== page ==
The election of a pope is not a quick or trivial decision resulting in a winning ticket.

It is prayerful and traditional with the voting Cardinals or electors, in this case 115, very aware of their responsibilities, knowing they are electing the next Successor to Peter and leader for the world's 1.2 billion Catholics.

On Tuesday 12 March at 10am (Rome time) mass will be celebrated in St Peter's Basilica with all the Cardinals present, including those who cannot vote due to their being 80 or over.

Following the Mass the Cardinals will move to their place of residence during the conclave. In the afternoon they will all go to the Pauline Chapel in the Apostolic Palace and at 4.30pm process from the Pauline Chapel to the Sistine Chapel where they will take an oath. The words "Extra omnes" will be given by the Master of Papal Liturgical Celebrations and all those not taking part in the conclave will leave, the door will be closed and once locked inside the Cardinals will listen to a meditation on the grave duty incumbent on them, and on the need to act with right intention for the good of the Universal Church. It is only then that they will proceed to the first one.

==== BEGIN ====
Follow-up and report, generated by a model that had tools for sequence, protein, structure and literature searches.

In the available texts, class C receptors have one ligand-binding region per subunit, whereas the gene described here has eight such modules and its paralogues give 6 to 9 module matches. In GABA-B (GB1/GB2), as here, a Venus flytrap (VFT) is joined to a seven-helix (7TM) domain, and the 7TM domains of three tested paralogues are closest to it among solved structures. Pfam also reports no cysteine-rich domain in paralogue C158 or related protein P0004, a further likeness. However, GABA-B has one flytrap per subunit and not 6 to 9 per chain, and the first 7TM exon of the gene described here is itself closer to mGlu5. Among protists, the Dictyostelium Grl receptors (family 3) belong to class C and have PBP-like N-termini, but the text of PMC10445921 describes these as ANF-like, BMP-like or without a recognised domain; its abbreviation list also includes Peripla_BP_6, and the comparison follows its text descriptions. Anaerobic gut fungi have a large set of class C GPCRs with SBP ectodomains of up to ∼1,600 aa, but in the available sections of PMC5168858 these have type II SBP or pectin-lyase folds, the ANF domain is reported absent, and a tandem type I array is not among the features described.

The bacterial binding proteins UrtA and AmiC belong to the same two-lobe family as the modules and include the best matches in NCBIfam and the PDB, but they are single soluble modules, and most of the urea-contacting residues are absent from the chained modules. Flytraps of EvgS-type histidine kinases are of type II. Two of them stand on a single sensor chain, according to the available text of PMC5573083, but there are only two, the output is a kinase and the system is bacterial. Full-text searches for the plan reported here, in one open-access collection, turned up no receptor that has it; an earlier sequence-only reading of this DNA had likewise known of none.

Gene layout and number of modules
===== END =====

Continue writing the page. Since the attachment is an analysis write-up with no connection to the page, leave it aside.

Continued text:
At 7pm they will pray Vespers before returning to their residence the Domus Sanctae Marthae in the Vatican. Black smoke will be seen from the chimney signifying the first vote of the conclave, and no result. The Cardinals will return the following morning to continue the conclave. Two ballots are held in the morning and two in the afternoon. Therefore when there is a two thirds majority or a result it is likely to be around 12 noon or 5pm when the white smoke will be seen from the roof of the Sistine Chapel and the bells will ring.